The predominance of certain triggers for migraine was assessed in 494 migraine patients. Stress (62%) was the most frequently cited precipitant. Weather changes (43%), missing a meal (40%), and bright sunlight (38%) were also prominent factors. Sexual activity (5%) was the precipitant cited by the least number of patients. Significant differences were found between men and women
in their responses to weather changes, perfumes, cigarette smoke, missing a meal, and sexual activity. Spring was cited by 14% of patients as a time for increased migraine attacks, following by fall (13%), summer (11%), and winter (7%).
A variety of external and internal stimulating factors have been demonstrated to precipitate migraines. Most migraineurs list several triggers, and we utilize the presence or absence of precipitating factors in aiding the formulation of the diagnosis of migraine. However, trigger factors are rarely consistent in producing a headache, and migraineurs are able to identify precipitating factors in only a minority of attacks. Sensitivity to various stimuli may begin years after the onset of headache, or patients can become less susceptible to triggers over time. Because trigger factors are helpful in diagnosing migraine, we assessed these factors retrospectively in 494 migraineurs.
Subjects and Methods:
Included in the study were 494 randomly selected migraineurs: 393 women, and 101 men. The larger number of women is not surprising since more women than men suffer from this disease. All were long-term patients of the Robbins Headache Clinic. Each patient had a well-established diagnosis of migraine, with or without aura. Data was gathered from the Headache Intake Assessment Form, completed by the patient and neurologist on the first visit to the Clinic.
The questions on the form pertained only to migraine, not to coexistent tension or daily headaches. Patients were asked to circle the factors on the Assessment Form that consistently trigger their migraine and to indicate the effect of the seasons. The physician then interviewed the patient and recorded sensitivity to the various trigger factors.
The patients were between the ages of 18 and 60. Table 1 summarizes the percentages of patients who were sensitive to each of the various precipitating factors. The leading trigger factors for migraine were: stress, weather changes, perimenstrual, and sunlight. Men and women differed in their response to various factors.
Percentage of Patients Sensitive to Trigger Factors
% of patients affected
(woman only) Past or Present
|Missing a Meal
|After Stress is Over
Our 494 migraineurs reported slight seasonal variations,
with increased headaches during Spring and Fall.
Table 2: Seasonal Variation: Percentage of
Patients Reporting Increased
Headaches in Various Seasons
Among seasons, there were differences between men
and women at the 1% confidence level in Summer and Fall. In Spring, there was a difference at the 5% confidence level. Winter produced no difference between men and women.
Stress is a common precipitating factor in migraine, and was the major trigger reported by our patients. Migraineurs simply may respond to stress with a headache. Intense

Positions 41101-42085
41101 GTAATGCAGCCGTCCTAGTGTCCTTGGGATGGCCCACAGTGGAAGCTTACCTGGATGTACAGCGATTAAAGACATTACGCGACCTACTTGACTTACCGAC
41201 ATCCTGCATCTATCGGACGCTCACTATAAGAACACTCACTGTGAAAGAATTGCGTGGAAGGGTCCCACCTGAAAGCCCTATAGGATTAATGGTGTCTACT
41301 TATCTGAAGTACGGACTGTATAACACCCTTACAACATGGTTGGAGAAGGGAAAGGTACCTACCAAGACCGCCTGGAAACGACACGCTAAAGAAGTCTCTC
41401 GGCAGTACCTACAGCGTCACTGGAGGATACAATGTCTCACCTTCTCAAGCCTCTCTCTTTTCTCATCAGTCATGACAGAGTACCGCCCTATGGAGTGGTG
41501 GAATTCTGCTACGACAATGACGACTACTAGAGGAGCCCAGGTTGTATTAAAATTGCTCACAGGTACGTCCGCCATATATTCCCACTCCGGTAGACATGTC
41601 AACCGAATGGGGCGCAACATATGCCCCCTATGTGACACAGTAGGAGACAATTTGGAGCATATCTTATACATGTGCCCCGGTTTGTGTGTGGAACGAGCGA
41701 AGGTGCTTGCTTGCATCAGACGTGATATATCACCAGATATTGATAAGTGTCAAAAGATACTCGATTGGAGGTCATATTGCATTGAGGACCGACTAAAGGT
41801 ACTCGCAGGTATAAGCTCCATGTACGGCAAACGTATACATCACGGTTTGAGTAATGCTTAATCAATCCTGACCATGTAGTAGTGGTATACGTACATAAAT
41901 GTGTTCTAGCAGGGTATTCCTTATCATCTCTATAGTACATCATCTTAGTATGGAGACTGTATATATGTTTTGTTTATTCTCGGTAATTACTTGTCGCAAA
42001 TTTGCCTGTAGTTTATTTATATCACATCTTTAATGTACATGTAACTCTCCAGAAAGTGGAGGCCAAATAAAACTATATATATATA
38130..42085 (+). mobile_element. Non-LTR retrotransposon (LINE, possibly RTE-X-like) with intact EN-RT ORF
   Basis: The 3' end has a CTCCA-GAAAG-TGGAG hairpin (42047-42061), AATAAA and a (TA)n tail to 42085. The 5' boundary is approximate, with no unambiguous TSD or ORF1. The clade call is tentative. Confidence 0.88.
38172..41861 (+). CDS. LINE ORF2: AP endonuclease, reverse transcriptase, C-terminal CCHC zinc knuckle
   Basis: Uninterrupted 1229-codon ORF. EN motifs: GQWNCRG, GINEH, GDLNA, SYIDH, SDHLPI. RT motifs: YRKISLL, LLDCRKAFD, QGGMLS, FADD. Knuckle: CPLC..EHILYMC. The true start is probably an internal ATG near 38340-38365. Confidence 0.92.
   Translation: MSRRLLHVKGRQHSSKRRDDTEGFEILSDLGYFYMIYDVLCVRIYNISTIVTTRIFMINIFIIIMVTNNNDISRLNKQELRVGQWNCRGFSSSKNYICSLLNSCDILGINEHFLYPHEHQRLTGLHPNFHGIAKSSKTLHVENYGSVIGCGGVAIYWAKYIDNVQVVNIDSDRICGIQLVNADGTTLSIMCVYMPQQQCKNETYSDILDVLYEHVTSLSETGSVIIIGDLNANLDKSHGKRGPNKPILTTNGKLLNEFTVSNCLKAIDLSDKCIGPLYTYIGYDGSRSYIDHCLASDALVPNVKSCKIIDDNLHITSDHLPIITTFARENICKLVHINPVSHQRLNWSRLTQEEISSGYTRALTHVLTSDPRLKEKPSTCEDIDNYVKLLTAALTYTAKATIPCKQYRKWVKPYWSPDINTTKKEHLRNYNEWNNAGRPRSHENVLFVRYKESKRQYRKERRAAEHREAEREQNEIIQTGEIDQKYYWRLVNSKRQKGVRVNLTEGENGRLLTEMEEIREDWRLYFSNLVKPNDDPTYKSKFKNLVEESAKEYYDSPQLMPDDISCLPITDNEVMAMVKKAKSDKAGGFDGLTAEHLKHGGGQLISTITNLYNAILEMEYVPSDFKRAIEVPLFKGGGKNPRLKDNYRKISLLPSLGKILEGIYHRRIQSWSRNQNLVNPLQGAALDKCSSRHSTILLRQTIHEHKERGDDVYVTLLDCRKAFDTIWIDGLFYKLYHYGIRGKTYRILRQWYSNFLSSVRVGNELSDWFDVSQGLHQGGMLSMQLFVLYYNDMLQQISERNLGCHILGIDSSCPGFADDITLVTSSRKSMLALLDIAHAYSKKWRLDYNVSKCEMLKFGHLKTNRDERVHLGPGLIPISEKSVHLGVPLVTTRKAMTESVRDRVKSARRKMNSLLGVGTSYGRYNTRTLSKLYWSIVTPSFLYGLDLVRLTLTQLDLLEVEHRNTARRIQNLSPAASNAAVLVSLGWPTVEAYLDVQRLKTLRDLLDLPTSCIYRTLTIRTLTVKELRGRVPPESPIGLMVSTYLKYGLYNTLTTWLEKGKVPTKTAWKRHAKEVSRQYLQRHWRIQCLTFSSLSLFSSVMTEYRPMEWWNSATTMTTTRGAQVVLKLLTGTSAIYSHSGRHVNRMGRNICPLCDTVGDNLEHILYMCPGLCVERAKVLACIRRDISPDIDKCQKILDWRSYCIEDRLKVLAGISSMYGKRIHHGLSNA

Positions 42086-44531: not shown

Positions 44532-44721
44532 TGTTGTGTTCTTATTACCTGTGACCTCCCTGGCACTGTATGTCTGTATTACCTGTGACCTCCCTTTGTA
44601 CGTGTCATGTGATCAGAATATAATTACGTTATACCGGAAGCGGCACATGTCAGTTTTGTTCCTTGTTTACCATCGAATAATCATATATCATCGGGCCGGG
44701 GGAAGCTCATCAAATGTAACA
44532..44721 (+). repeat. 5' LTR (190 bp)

stress is common as an initiating factor for the first attack of migraine.
Weather changes were a major trigger in our study. Previous studies have suggested that weather may affect the severity
but not the frequency of migraine. Geomagnetic activity may play a role in weather-related migraine, as may ionic and serotonergic changes in the bloodstream. Platelet serotonin has been experimentally decreased by the inhalation of negative ions.
In this study, migraines were significantly increased
perimenstrually in 50% of women. Previous studies of hormonal cycles and levels in women have reported conflicting results. The decrease in plasma estradiol appears to be the primary event triggering the menstrual-related migraines, but prostaglandin effects may play a crucial role in hormonal
Missing meal, or hunger, was listed by 40% of our patients as a precipitant for migraine. Migraineurs probably do not suffer from true hypoglycemia, but rather it is a reaction of the nervous system to a normal drop in blood sugar.
Sunlight or bright light exposure was a trigger factor
for 38% of our patients. Bright lights usually exacerbate a pre-existing migraine headache. Migraineurs tend to wear sunglasses more often than non-headache-prone individuals. As with other weather changes, sunlight may affect the severity of the headaches more than the frequency.
Undersleeping was listed as a precipitant by 31% of
migraineurs, and oversleeping was stated to be a factor by 24%. Earlier studies have recognized the relationship between sleep and migraine. Much evidence links the regulation of migraine with sleep mechanisms.
Sensitivity to certain foods was a trigger for 30% of migraineurs. Red wine, beer, chocolate, and MSG have traditionally been listed as common precipitants for migraine. Previous studies have suggested that foods play a major role as migraine triggers, but this has been difficult to prove.
In our examination of seasonal variation in migraine,
Spring was listed as an increased time for migraine by 13.9% of respondents, while 12.7% listed Fall, 10.7% listed Summer, and 7.6% stated that Winter was a time of increased migraine. One previous study failed to demonstrate seasonal variation among migraineurs.
Comparing the responses of men and women, the factors
where the sexes differed significantly at the 1% confidence level were: weather changes, perfumes, and cigarettes. Differences were significant at the 5% level for missing a meal and sexual activity. In most categories, a lower percentage of men reported being influenced by a particular trigger factor.